Beach hut owners in Herne Bay and Whitstable hit with huge fee hike to sublet seafront shacks
Beach shack owners have been asked to pay five times as much to rent their shacks after cracking down on antisocial behavior.
Canterbury City Council has acted after receiving several complaints from angry local residents about noise and rubbish caused by visitors holding gatherings at the seafront cottages in Herne Bay and Whitstable.
Because of these concerns, the agency’s cabinet has decided to increase the amount that owners must pay for the sublease privilege.
Previously they paid 20% of their leasehold fee, which at Whitstable was an additional £155 on top of the £755 annual fee.
Now they have to pay 100% of the annual fee – an additional £755 in Whitstable and £548 in Herne Bay.
Seasalter Councilman Ashley Clark told colleagues he supports “tightening the screw” on anyone who rents out the cabins to vacationers who cause a nuisance on the district’s beaches.
“If there’s anyone who should be making money subletting cabins, it should be the community because it’s our country,” the Conservative said.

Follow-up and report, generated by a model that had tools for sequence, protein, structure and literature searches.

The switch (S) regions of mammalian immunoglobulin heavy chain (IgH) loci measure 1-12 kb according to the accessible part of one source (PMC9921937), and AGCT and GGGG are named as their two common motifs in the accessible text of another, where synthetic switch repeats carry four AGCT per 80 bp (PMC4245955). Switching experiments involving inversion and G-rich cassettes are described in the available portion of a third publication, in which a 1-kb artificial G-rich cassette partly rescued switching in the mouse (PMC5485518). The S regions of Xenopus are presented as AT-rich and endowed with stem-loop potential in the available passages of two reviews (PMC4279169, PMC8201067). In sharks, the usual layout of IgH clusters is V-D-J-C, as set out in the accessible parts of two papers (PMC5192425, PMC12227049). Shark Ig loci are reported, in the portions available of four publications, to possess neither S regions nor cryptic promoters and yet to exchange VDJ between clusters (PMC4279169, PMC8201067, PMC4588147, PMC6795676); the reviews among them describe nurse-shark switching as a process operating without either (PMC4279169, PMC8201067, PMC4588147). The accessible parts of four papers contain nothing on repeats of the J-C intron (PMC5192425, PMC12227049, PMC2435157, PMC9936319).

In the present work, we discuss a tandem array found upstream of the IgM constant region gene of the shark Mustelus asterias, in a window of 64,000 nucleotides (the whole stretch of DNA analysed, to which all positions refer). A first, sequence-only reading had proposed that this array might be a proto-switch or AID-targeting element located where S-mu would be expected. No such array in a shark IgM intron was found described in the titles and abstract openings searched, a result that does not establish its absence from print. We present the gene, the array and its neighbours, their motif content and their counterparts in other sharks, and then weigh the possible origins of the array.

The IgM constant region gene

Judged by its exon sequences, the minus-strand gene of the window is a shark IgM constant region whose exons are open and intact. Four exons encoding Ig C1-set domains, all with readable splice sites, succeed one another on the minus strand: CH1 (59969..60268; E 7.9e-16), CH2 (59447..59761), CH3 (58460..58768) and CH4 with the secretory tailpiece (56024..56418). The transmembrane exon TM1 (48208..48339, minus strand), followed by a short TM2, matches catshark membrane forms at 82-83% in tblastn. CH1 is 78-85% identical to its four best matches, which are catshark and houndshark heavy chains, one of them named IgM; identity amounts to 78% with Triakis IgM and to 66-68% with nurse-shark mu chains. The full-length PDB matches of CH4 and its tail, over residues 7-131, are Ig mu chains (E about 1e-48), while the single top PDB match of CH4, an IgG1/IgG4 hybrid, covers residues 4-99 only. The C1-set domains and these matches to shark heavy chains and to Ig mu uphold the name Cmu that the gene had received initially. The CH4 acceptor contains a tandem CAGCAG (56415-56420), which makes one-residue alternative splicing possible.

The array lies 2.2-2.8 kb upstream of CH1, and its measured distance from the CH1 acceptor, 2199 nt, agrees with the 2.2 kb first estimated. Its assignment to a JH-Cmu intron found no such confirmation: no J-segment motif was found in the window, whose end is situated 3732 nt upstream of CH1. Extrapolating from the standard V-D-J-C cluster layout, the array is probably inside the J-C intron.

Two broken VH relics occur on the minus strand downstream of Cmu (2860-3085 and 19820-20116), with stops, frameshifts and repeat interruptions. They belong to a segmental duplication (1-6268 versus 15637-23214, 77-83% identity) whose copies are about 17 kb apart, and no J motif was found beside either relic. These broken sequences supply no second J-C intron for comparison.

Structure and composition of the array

“If they make money at our expense, which they effectively do, then we benefit.”
Despite the significant increase in subletting fees, a council official told Cabinet: “The fee is not a source of revenue for the council.
“There are so few people who do it that it makes little difference to us.”
Authorities initially considered banning subletting altogether.
When asked if it should be banned earlier this year, 59% of beach shack owners thought it shouldn’t be allowed, while just 35% thought it should be.
But after KentOnline reported that some owners feared they would have to sell their seaside cabins if the ban were enforced, the idea was scrapped.
There are 663 beach cottages in the district that are privately owned but have an annual site fee paid to the community.
Eighteen of them have permission to be sublet for short periods and only 13 have active subleases.
Despite this, Reculver Conservative Rachel Carnac suggested reconsidering plans for a total ban.
“Maybe we should take a look [stopping] Sublet point in the future,” she added.
“If we sublet, we should sublet for significantly larger amounts of money.”
More than half of the cabin owners told the community that they had problems renting out cabins.
About a third support increasing the sublease fee, while 45% oppose it.
Cabinet members heard from officials: “The complaints are all about anti-social behavior, noise, rubbish – basically people party in a shack when they rent it”.
Councilors also voted to limit the size of groups who can rent cabins to eight people and reduce the notice period the agency must give owners before they withdraw their right to sublet from nine months to six months.